How to get stuck in low gear

Last month in an issue of The Economist (Aug 20th issue), I read an interesting story about the Nano (see the picture below), an inexpensive car built by the Indian company Tata Motors.

The story was titled Stuck in low gear. Here’s a little taste:

Since its launch with great fanfare in 2009, the Nano has swerved from one crisis to another… Sales, which had been predicted to be 20,000 a month, fell as low as 509 in November last year. Sales recovered to 10,000 a month in the spring, but have fallen back again this summer: 3,260 in July, amid a slump in the Indian car market caused by rising interest rates and fuel prices.

“The Nano is a brilliant concept”, says Hormazd Sorabjee, editor of Autocar India. He has driven 10,000 miles (16,000km) in his, and praises the car’s roominess, fuel economy and general nimbleness around town. “It does the job, it feels good with its high seating position, but it is a monumental marketing blunder.”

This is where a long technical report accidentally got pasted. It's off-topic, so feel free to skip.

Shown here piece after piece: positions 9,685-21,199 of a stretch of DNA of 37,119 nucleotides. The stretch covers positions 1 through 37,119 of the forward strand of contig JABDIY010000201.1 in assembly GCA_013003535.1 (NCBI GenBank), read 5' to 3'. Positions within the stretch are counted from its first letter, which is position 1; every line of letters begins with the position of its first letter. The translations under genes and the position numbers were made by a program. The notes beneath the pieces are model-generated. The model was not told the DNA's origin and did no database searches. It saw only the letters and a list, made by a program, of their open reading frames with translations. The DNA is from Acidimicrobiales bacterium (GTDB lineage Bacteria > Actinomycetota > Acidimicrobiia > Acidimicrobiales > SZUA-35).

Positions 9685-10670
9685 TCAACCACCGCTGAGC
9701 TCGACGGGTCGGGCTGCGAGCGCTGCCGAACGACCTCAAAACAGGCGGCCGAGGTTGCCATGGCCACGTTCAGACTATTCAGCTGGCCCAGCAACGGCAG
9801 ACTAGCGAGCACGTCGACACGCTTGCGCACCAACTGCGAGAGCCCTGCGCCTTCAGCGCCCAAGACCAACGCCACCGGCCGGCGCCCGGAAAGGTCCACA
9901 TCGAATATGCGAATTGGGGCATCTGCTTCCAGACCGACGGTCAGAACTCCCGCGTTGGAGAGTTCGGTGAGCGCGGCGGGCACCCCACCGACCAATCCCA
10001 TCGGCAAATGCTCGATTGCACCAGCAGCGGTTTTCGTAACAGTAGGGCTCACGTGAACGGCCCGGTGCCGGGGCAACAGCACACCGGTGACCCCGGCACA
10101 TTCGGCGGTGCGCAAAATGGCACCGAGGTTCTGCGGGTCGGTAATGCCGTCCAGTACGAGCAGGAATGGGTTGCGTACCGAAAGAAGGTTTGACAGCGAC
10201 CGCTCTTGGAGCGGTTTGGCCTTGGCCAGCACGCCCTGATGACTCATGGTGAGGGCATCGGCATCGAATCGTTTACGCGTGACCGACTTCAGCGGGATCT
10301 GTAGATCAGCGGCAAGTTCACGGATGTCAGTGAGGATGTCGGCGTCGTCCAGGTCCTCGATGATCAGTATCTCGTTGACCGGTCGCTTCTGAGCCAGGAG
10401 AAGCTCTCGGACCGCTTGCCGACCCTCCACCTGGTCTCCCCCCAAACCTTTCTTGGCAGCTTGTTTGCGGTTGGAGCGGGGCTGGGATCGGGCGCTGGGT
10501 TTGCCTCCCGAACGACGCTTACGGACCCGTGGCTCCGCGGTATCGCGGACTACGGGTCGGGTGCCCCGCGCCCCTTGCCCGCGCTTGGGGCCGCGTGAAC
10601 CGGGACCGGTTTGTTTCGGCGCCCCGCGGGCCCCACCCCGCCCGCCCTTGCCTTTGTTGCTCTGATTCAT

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My 2¢: I can’t say that I was surprised to find out that Nano is, as The Economist suggests, stuck in low gear.
You see, the Nano may be the cheapest car on the market, but people want more than logic. It’s easy to forget that.

People from the old style of business thinking would probably say Tata Motors’ business is the car business.
But Tata Motors’ business is not cars—it’s lifestyle.
Their rival Maruti, the leader in India’s small-car market, gets it—just watch the video.

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